Saturday, November 4, 2017

Rental Properties Marketed on Mondinion.com




Lately I have been receiving e-mails from real estate agency Mondinion, headquartered in the United Kingdom, advertising preconstruction opportunities to buy individual rental units in hotels, senior care facilities and apartment buildings.  These opportunities are typically accompanied by guarantees of rental income for a period of two or more years and an optional buyback from the seller at higher price after a few years. (Mondinion is not the seller, but just an advertising platform.)

As it has been 4 years since my last UK valuation assignment, I cannot comment on the merit of these investment opportunities, which are mostly in the UK. It has been my observation over the last 33 years, though, that when properties are being built for investors rather than occupants, that is the sign of a real estate market entering a bubble phase.

If owner-occupants cannot outbid investors, that is a sign of weakness.  Investors enter these transactions expecting that negative cash flows will be rewarded by ever-increasing property price appreciation, but such a market collapses on itself when there is an insufficient number of renters to occupy all units and cover the investor’s ownership costs. In Southern California I saw this happen in the early 1990s and starting again in 2006. Home prices plunged afterwards.

Recently, Mondinion advertised a couple of U.S. investment opportunities in areas I have appraised in.

The first opportunity was that of rental homes in the Detroit metropolitan area. Curiously, the advertisement stated that this investment was not suitable for U.S. investors, raising the question of “how can an investment unsuitable for U.S. investors be suitable for foreign investors?” Another questionable claim was that all of this seller's properties were in "safe neighborhoods".

Having a friend make an inquiry, I was informed of a 900 sf, 3 bedroom, 1 bathroom rental home, built in 1955, available in Inkster, Michigan, a western suburb of Detroit, for the price of $48,000, guaranteed to produce $9000 per year in rent. The owners paid $26,500 for this home on 4/23/15 and have assumedly renovated it since then.

Checking a demographic research web site, I found that this forecasted rent was close to the estimated median rent of $738 per month ($8856 per year) for Inkster. I was also pleasantly surprised to find that the official living area (per tax assessor) was 1036 square feet. What was more sobering was an estimated local vacancy rate of 16.9% (better than Detroit’s 22% vacancy rate), and a population decline of 37% in the last 50 years. More troubling is that NeighborhoodScount.com rated Inkster as having a higher crime rate than 93% of Michigan communities, with a violent crime rate three times the Michigan average. 

I sometimes consult data-aggregating web sites such as Trulia.com and Zillow.com to garner real estate market information. All analysis is done by computer, which is not as accurate as a competent and honest real estate appraiser. Trulia has estimated the median home value in Inkster as $42,300, having declined 50% in the last decade. Zillow placed the median home value at just $40,900. Zillow estimates that this home has decreased in value by 14% in last month. CoreLogic indicated home sales in the last month in the $38,000 to $43,000 range.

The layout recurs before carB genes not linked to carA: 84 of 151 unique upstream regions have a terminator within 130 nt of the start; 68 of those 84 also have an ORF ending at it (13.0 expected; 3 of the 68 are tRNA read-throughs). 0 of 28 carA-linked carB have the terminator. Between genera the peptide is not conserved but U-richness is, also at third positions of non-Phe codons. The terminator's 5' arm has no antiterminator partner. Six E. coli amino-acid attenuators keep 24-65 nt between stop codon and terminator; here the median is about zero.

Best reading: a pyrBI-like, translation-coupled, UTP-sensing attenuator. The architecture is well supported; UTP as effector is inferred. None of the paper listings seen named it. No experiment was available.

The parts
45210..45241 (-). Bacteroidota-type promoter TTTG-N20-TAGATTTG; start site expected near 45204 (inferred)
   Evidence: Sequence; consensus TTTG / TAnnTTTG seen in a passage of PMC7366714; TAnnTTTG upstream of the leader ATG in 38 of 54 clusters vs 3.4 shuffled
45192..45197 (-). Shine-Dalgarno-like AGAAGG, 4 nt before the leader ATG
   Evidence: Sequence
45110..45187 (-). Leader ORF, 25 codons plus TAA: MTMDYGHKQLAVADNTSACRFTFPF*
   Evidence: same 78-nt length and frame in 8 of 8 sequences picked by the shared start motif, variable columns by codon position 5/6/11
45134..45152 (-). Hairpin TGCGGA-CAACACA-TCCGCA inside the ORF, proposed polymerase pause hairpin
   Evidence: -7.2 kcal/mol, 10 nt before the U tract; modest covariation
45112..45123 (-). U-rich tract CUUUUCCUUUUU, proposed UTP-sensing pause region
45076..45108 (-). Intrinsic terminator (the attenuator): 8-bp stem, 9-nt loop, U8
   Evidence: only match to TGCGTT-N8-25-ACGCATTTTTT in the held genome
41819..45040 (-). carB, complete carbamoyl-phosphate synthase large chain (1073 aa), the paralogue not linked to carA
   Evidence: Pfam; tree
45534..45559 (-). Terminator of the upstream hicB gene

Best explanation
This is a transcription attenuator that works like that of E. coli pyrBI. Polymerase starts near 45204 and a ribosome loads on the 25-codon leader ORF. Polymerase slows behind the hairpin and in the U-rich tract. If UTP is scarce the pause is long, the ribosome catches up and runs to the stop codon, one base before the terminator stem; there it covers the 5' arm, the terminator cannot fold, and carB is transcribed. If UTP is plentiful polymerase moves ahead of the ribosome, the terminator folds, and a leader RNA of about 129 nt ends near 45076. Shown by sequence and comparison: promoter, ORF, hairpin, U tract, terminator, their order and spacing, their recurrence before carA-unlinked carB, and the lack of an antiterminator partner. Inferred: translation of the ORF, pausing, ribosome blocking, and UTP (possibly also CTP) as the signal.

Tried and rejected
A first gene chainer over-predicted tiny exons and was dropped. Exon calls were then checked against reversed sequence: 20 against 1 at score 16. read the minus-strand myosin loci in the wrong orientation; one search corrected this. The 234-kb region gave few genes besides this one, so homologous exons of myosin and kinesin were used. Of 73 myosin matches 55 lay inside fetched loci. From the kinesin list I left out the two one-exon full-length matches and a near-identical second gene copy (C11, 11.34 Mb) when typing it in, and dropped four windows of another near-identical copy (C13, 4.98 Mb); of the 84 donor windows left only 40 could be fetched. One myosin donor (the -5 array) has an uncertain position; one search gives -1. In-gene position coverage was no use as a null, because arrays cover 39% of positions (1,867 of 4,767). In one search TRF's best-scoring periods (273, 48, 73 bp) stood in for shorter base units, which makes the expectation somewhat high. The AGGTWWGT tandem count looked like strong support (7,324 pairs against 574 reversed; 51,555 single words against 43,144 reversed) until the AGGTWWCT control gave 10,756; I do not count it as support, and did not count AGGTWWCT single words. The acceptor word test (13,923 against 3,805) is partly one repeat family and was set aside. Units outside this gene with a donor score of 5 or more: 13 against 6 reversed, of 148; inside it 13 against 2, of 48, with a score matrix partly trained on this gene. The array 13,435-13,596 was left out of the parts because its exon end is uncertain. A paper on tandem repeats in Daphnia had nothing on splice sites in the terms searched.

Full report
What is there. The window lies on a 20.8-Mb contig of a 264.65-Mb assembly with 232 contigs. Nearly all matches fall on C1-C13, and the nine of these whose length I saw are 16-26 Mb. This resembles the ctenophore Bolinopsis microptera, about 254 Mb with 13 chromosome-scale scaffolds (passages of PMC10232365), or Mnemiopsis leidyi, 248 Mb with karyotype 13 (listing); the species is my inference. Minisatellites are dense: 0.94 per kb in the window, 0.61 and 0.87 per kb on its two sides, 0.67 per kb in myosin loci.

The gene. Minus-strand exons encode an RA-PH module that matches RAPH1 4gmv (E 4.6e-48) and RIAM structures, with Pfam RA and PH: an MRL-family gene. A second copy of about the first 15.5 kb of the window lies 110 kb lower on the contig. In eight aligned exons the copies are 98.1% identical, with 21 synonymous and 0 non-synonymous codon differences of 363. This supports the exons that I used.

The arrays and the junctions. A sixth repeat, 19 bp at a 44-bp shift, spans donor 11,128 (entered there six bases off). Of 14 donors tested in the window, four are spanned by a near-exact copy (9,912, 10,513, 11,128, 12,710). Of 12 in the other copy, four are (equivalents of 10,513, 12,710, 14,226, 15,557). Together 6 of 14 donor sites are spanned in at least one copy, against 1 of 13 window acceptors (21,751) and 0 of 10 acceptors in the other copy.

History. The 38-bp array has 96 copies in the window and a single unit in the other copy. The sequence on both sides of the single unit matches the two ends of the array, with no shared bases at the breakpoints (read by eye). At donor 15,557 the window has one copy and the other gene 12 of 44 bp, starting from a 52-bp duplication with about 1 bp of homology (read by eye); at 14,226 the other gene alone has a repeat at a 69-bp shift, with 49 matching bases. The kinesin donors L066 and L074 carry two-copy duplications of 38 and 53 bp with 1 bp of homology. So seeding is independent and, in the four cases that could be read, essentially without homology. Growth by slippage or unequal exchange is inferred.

Trulia.com report on the subject property and its neighborhood

Here’s the rub.  Depopulating urban areas experience decreasing property values and rents. Investing in older buildings in depopulating areas is a prescription for failure.  The Rust Belt, for instance, has many cities that have lost half their population in the last 50 years, including Detroit, Cleveland, Youngstown and Dayton.  This usually means increasing vacancies, despite gallant leasing efforts.  Rents are so low that only the lowest cost renovations make any sense, too.  Even then, new space gets built, hastening the demise of the older buildings. 

Some of the English rental properties I see advertised on Mondinion tend to be located in cities that I have traditionally thought of as obsolete industrial cities, too, but I have no current information on current market conditions.

The other U.S. real estate opportunity sent by Mondinion was located on the south side of Chicago, where I once lived.  Similar problem, except that Chicago has become the murder capital of the U.S., and many of the murders are on the south side.

Just today I received another marketing e-mail from Mondinion promoting rental properties in Cleveland, another depopulating Rust Belt city.


This Inkster investment is being marketed without any guaranteed rents, but the seller will manage the property for you for 10% of gross rental income.  Such a high rate is typical of problematic housing markets.

I have also seen other properties marketed with short-term guarantees of rental income.  Guaranteed rental income for the first two years” is a seller promise that should be interpreted as a sign of weakness, not security, because an adequately performing rental property does not need to be sold with any such guarantees.  It is almost tantamount to saying that Year 3 is going to be a crapshoot because tenants are currently so hard to find. Do not be surprised to see that the property’s previous asking price has been inflated to more than cover the amount of these guaranteed rents. Can the guarantor remain solvent if real estate prices decline?

This reminds me of a phrase I have sometimes read on Craigslist:

“Only a scammer will ‘guarantee’ your transaction.”

-- Craigslist

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